Cyprus ranks 55th in the world in the latest “World Press Freedom Index,” published by Reporters Without Borders on May 3.
The report notes that direct interference in editorial work, media concentration and lack of transparency in ownership, as well as the influence of business interests and the Church have undermined media work in Cyprus, forcing journalists to self-censor.
Moreover, the Cyprus problem has a significant impact on how the media operates, the report says.
Cyprus has risen 10 places in the index compared to 2022 when it recorded a dive of 39 places, falling from 26th to 65th.
Although journalists in Cyprus do not face attacks on their physical integrity and safety, the media are the target of verbal attacks by politicians, the report notes. Also, informal relationships between politicians and media owners strengthen the influence of the former on the sector.
Defamation is not a crime in Cyprus, however, the Attorney General can authorise criminal prosecution of a media outlet. Also, mechanisms or procedures to protect journalists and prevent political interference are limited, although there are some regulatory safeguards for the protection of sources and editorial autonomy.
“Direct interference in editorial work is not uncommon, while civil libel lawsuits contribute to self-censorship and discourage investigative journalism,” the report adds.
A tight advertising market and the recent economic crisis have made the media vulnerable to influences of commercial interests which exert influence through advertising money and sponsorships, affecting editorial content, the report notes.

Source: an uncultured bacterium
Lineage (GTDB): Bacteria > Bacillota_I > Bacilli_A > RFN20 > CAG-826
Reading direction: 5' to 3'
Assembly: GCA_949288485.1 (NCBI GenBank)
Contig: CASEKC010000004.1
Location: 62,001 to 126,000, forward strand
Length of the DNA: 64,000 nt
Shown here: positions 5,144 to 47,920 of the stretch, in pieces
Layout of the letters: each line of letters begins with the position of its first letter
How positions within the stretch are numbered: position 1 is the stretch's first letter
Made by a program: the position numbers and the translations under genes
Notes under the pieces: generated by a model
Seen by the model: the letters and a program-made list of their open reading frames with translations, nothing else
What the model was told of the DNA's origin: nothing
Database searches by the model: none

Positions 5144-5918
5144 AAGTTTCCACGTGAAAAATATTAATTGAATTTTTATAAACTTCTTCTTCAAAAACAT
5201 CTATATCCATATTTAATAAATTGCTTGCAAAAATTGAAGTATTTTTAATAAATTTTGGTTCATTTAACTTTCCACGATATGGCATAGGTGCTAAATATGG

“The Cyprus problem is a taboo,” the report writes “and all journalists are expected to be “loyal” to the government’s narrative when it comes to this issue. Journalists questioning this line are often branded as ‘traitors.’ There are also state bans on the use of certain terms related to the Cyprus problem.”
Although there are no serious physical threats or attacks, journalists are often victims of online harassment or verbal attacks by state officials. The report also mentions the allegations of state surveillance and hacking into the devices and electronic archives of Makarios Droussiotis who published a book about corruption.
Occupied north Cyprus
In the index, Reporters Without Borders also compiled a report on the media situation in occupied north Cyprus, where as they note, press freedom is increasingly hampered by the issue of media ownership, lawsuits against journalists, and Turkey’s growing pressure on the sector.
“Pluralism is being threatened by lawsuits against the media, direct interference in editorial work, and growing media concentration in the hands of Turkish businessmen, while self-censorship is widespread,” the report writes.
Furthermore, according to the report, Ankara’s pressure is felt through verbal attacks and lawsuits in Turkey. Sanctions and prosecution, including criminal proceedings, are being brought against journalists who criticise the Turkish or Turkish Cypriot government, military, or authorities.